My shadow: it’s funny, but only in the last year or so has this been a real issue. I don’t know what it is, but I seem to get incredibly distracted when my shadow is cast over the ball and within my field of vision. I’m more apt to watch my own swing than the ball. And it sounds like a ridiculous problem…and you’re right. But at least today I got to exercise some demons and try to work out a solution.

I started with my pitching wedge, doing some quick stretches and taking my routine half-swings to get the session going. I decided not to wear a glove today, as I felt my last practice session yielded some great feedback without one. Well, that, and I’ve always idolized Ben Hogan and perhaps at some point my hands will bleed while hitting balls as well. But I don’t think I’ve reached that deity status yet.

After the first few shots, I grabbed another club and aligned myself at a far-off flagstick, just to make sure that I wasn’t slacking off in the alignment department. And I’m really glad I did, because I immediately noticed a problem: my shoulders were out of alignment. For some strange reason, my shoulders naturally align slightly closed. Now, I’m not sure what Mr. Haney, Mr. Smith, Butch, or the rest of the gurus would say about that. Perhaps new school knowledge would tell us that my natural shoulder alignment is acceptable. But nevertheless, I opened up my shoulders a bit to keep them square, and something strange happened when I moved onto my 6-iron: I didn’t pull-hook the ball even once today. All of my shots today were straight or had a slight fade. Normally, my ball-flight is either straight, slight draw, or pull hook. I blame that on my strong grip. I think I’m going to have to look this up somewhere, because I’m not sure how much of a factor changing the alignment of my shoulders affects ball-flight, but my shots really did look unfamiliar today. Then again, it very well could’ve been the wind. But even with a strong left to right wind, a pull-hook is a pull-hook is a pull-hook. Oh well. At any rate, it felt great to have a very consistent ball flight today.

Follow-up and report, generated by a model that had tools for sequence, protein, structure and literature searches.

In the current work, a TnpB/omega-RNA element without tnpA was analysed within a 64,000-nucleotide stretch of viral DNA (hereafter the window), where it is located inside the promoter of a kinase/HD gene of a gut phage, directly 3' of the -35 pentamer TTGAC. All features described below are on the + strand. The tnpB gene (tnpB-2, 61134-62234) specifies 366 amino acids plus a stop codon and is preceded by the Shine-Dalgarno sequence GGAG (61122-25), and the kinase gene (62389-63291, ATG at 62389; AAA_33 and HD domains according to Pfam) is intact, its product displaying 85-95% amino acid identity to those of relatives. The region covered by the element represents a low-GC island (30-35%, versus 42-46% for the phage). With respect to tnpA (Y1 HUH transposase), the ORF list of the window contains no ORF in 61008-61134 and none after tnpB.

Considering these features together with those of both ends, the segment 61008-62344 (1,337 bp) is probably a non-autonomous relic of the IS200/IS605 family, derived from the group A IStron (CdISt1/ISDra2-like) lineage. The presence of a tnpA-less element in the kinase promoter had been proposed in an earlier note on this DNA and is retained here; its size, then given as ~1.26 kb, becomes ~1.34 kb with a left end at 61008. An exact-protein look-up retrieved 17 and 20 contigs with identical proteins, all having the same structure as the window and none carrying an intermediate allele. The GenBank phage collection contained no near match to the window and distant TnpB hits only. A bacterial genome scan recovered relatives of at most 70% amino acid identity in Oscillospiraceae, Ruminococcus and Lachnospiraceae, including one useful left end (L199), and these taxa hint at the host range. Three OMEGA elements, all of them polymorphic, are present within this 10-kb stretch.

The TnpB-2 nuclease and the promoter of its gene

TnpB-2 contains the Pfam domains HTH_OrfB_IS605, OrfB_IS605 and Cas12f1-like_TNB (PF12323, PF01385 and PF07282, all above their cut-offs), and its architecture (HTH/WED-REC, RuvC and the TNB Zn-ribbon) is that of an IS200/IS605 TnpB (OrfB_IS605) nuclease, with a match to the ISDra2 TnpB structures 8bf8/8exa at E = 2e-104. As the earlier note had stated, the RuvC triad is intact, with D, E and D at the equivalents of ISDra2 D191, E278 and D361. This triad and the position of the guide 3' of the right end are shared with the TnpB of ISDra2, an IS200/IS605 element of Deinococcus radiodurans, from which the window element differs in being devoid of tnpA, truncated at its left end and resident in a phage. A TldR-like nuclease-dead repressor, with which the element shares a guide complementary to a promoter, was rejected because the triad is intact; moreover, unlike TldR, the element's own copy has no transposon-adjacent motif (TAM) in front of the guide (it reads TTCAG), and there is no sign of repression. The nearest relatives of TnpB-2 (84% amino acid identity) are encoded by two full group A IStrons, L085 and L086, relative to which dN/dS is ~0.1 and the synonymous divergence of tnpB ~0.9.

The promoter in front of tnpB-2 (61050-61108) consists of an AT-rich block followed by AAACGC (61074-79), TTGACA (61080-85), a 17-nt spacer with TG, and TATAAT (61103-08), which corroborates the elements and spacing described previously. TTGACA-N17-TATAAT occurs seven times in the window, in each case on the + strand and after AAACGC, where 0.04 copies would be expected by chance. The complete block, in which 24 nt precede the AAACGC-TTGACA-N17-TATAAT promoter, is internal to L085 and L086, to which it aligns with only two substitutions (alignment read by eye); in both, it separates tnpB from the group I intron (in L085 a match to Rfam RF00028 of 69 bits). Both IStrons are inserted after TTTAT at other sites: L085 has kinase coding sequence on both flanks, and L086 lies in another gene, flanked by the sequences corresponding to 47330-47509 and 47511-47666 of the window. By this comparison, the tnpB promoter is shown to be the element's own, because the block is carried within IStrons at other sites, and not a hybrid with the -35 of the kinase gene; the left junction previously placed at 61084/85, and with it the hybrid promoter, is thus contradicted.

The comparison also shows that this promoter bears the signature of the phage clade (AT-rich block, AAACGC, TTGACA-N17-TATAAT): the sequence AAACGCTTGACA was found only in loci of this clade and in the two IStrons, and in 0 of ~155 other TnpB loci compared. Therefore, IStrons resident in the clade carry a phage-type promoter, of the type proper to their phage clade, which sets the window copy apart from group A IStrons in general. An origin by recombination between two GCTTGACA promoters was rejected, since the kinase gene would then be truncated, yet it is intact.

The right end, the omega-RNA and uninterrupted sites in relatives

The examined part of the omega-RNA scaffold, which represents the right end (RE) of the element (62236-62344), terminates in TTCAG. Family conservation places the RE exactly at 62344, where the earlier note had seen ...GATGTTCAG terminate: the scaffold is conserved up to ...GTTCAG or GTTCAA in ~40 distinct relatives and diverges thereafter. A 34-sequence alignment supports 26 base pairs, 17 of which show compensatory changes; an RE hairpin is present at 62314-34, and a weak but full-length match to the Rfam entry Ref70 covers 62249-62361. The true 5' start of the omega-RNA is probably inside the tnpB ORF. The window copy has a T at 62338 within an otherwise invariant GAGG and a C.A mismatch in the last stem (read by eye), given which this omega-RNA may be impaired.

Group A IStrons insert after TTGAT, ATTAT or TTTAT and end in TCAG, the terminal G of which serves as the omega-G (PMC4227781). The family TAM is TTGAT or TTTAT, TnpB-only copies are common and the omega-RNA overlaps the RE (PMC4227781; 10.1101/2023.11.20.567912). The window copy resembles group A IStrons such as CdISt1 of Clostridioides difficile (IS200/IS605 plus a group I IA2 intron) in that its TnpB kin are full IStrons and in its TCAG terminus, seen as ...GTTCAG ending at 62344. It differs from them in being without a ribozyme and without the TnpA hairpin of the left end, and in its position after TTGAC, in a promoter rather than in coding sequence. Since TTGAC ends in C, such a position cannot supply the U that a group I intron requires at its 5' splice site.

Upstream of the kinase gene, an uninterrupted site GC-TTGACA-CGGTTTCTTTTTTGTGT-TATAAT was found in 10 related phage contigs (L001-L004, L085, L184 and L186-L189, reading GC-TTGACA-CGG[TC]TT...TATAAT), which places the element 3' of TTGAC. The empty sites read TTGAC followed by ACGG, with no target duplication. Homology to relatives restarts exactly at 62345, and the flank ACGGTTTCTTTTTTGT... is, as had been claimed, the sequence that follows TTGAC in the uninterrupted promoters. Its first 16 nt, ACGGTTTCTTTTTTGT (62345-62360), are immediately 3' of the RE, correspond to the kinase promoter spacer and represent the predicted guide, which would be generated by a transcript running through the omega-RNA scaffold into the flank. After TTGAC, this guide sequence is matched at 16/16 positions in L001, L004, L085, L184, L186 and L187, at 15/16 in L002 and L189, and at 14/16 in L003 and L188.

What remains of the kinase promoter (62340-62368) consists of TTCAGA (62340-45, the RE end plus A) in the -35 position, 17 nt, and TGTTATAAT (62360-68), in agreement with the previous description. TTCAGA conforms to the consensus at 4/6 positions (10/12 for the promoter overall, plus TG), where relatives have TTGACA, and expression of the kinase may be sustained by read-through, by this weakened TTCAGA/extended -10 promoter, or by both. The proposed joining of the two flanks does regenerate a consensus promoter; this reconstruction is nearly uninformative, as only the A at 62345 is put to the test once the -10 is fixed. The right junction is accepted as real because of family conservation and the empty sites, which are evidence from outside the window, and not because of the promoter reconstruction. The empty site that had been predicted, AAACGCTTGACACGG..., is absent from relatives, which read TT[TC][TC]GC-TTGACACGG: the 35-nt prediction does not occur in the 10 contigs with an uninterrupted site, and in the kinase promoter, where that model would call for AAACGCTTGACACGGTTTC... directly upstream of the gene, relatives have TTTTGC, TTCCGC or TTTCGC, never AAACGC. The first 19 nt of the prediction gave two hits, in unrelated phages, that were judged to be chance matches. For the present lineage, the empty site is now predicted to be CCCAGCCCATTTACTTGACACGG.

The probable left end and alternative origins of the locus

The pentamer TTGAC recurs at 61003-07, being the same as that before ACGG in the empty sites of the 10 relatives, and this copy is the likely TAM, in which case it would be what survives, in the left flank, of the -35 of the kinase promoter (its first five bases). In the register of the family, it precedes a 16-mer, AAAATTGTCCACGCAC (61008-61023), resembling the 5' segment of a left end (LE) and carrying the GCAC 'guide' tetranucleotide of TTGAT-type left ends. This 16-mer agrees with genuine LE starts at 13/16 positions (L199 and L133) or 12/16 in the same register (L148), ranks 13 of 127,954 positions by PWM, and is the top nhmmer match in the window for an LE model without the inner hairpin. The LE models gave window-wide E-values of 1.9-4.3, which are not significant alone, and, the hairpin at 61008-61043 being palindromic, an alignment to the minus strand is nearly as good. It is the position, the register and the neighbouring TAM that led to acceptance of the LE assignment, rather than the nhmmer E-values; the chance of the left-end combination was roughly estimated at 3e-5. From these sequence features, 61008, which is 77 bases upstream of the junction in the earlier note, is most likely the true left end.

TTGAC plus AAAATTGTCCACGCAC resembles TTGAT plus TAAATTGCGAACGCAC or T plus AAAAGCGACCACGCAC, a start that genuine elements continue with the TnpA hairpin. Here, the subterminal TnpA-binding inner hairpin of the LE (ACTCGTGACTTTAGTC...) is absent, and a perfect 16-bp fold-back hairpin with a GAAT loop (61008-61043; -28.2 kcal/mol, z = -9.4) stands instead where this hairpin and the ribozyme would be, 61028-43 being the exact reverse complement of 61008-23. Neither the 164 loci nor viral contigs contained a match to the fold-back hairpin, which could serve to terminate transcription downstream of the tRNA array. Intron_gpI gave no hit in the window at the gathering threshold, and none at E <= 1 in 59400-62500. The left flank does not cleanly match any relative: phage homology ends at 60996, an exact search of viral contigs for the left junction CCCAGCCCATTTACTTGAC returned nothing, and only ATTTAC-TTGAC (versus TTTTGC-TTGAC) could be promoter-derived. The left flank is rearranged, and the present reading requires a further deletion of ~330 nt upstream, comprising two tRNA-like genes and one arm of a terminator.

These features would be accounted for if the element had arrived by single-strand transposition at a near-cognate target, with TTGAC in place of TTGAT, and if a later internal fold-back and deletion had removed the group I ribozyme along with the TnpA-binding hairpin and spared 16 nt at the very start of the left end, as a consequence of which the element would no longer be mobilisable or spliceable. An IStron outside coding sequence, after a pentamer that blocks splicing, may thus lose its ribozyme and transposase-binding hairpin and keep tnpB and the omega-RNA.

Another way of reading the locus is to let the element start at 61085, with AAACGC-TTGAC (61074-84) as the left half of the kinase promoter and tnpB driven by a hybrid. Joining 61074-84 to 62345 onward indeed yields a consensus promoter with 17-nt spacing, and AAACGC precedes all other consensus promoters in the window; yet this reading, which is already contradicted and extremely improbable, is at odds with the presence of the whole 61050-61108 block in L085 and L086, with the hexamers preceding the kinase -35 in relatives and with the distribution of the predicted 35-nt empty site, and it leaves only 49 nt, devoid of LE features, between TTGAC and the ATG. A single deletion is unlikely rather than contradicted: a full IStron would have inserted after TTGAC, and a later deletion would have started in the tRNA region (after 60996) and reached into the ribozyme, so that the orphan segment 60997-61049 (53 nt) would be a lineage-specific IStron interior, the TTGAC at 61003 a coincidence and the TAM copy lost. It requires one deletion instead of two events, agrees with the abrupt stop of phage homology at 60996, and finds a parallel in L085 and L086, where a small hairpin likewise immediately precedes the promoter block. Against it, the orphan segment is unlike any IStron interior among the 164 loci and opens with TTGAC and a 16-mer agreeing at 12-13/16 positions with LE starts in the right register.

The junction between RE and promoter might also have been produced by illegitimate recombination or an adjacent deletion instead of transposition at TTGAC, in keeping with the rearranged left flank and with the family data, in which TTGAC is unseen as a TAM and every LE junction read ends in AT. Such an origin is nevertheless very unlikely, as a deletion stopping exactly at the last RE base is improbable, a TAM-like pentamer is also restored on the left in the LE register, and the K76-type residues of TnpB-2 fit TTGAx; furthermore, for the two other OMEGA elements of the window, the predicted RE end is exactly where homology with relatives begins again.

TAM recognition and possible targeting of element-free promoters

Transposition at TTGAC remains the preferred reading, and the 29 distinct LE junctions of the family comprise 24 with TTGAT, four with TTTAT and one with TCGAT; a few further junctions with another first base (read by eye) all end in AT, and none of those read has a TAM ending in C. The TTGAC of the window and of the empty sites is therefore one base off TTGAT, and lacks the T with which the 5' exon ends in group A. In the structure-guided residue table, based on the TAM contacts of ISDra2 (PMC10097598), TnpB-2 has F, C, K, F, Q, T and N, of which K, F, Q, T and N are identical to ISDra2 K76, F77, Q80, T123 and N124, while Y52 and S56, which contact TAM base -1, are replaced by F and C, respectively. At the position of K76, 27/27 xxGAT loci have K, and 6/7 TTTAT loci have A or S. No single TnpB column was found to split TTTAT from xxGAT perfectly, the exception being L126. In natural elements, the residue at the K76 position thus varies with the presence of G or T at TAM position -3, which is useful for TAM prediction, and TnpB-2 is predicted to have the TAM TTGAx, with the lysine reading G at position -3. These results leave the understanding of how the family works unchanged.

Surprisingly, the only moment today when I screwed up a shot because of my own shadow was when I was on my last ball of the day and said: “I can’t believe my shadow hasn’t screwed me up today.” Shank. Normally, I would’ve braved the balls of fury from the surrounding amateurs and grabbed another ball from the range to re-tee it and end on a good note, but I just laughed. I think the solution I came up with for dealing with my shadow today was just to stay focused on the ball. And that wasn’t hard to do, especially when I was working on loading my right side and finally making a good weight-shift. I’d say my focus on achieving that goal today overshadowed issues with my shadow. Ha…sorry for the redundancy there.